Hong Kong authorities arrest dozens of prominent pro-democracy activists
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Hong Kong, January 7, 2021 (LifeSiteNews) — Officers in Hong Kong arrested dozens of prominent pro-democracy activists in early morning raids Wednesday, which are seen as Beijing’s latest attempt at stomping out any remnants of democracy in the former British colony that is now administered by China.
A total of 53 people were arrested by Hong Kong authorities under China’s new national security law (NSL). The individuals arrested were accused of “subverting state power” for allegedly holding and promoting primaries for pro-democracy candidates for the now-postponed Hong Kong election.
In July, Hong Kong’s leader Carrie Lam announced that the planned elections would be postponed for one year, until September 5, 2021, referring to an apparent worsening COVID-19 outbreak in the region.
According to the Hong Kong police, 47 people were arrested for participating in the primaries, and a total of six people for holding them. Police searched a total of 72 sites and ordered four media companies to hand over their materials, as well.
The arrests are seen as the most brazen attempt yet by Chinese President Xi Jinping, who has slowly been turning once free Hong Kong into an authoritative dictatorship under tight control by Beijing.
The Chinese Communist Party (CCP) passed the NSL in June of 2020 in China’s mainland legislature, circumventing local and already established Hong Kong law.
The NSL criminalizes any acts which are deemed to be secession, terrorism, subversion, or collusion with a foreign or external force.
Under the NSL, the CCP now has the power to effectively muzzle any resistance to Beijing’s ever-tightening control over Hong Kong.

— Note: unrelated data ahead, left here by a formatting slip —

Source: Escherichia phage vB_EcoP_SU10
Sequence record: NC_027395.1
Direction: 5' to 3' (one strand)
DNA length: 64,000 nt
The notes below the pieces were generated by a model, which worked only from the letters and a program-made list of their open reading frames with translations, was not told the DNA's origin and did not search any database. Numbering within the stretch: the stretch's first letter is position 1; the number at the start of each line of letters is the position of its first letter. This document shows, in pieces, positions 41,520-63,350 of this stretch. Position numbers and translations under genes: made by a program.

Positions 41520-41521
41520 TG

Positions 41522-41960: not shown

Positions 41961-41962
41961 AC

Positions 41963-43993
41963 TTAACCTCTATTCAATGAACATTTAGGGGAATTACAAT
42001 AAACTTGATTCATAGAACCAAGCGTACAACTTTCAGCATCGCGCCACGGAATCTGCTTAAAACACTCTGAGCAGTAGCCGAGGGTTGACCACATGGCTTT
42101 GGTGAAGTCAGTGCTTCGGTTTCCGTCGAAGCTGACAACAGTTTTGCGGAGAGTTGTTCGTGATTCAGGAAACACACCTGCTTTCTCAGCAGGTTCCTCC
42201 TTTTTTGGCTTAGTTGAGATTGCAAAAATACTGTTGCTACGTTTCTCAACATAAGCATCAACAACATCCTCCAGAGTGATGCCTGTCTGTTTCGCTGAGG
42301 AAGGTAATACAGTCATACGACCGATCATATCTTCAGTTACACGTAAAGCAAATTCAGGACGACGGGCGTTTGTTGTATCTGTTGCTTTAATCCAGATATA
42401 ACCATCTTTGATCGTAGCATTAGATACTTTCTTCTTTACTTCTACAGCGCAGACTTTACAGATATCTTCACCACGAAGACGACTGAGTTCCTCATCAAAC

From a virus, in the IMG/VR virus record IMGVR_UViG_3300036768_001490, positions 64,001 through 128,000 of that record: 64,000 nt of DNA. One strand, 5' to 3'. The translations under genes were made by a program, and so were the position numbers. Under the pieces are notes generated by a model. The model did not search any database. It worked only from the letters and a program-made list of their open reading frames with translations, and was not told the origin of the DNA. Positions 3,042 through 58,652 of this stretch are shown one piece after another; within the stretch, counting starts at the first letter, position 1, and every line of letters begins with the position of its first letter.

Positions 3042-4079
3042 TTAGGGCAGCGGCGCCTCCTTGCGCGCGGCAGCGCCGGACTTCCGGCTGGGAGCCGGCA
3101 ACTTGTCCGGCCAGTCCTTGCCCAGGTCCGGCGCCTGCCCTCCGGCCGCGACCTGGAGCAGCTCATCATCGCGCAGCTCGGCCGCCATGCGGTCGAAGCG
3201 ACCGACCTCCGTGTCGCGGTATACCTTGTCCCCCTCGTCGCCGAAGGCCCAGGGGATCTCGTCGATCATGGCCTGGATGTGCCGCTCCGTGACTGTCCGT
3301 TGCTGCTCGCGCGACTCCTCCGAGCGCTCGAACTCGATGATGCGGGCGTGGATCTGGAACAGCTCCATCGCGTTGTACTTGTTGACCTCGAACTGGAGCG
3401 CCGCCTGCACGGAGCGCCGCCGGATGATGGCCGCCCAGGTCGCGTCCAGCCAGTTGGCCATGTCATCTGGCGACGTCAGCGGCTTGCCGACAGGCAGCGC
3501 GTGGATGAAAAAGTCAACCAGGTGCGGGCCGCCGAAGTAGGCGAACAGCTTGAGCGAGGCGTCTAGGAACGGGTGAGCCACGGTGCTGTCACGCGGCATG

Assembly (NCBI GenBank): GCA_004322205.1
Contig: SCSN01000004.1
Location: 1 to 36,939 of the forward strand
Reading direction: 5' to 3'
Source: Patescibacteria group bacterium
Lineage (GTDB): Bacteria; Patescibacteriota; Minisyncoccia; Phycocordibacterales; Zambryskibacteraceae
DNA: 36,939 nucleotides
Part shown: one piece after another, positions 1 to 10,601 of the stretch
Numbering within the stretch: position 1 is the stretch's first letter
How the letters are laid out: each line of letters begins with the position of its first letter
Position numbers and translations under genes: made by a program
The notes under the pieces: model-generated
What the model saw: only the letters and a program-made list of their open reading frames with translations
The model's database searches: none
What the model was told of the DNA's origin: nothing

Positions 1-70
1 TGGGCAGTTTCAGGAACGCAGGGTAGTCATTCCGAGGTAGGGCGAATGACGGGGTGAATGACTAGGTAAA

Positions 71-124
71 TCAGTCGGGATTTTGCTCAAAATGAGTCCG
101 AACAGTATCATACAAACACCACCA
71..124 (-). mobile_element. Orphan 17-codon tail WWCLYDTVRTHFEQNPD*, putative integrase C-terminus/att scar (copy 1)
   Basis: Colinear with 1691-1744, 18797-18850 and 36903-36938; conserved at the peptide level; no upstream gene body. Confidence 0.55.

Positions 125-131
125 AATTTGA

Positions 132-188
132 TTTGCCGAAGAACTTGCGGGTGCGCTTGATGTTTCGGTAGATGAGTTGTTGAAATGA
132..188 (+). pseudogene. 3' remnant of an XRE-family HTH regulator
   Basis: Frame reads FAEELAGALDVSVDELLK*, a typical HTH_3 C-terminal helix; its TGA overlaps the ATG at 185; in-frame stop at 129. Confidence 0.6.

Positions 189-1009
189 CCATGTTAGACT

Maya Wang, who is a senior China researcher at Human Rights Watch, said that any remaining “veneer of democracy in the city” has vanished.
“Beijing once again has failed to learn from its mistakes in Hong Kong: that repression generates resistance, and that millions of Hong Kong people will persist in their struggle for their right to vote and run for office in a democratically elected government,” said Wang, as reported by The Guardian.
In recent months, Hong Kong has undergone a dramatic transformation, seeing its once mostly independent institutions such as schools, legislature, and news media, all come under more control of the Chinese government.
In December, prominent Catholic media mogul Jimmy Lai was arrested in Hong Kong after he allegedly was caught committing fraud.
Retired Hong Kong bishop Cardinal Joseph Zen has been a top critic of the persecution of China’s Catholics. He has spoken out harshly against the Vatican-China deal, saying it is “the murder of the Church in China,” and that it showed the Vatican “selling out the Church to China.”
Zen also called out China’s national security law. He said in a recent interview that it makes it easier for the Chinese Communist Party to go after city protestors and further erodes the independence of Hong Kong.
“I went through the whole text of the law,” said Zen in an interview with EWTN’s Raymond Arroyo. “It’s easy to tell you in just one sentence: ‘Now they can do anything,’” he added.
“We are at the mercy of this new commission … We don’t have religious freedom because we don’t have freedom.”
In December, the CCP replaced all traces of religious references with CCP-style alternatives at a well-known Catholic pilgrimage site, which was done as part of increased targeting of the Catholic Church after the Vatican signed a secret deal with China.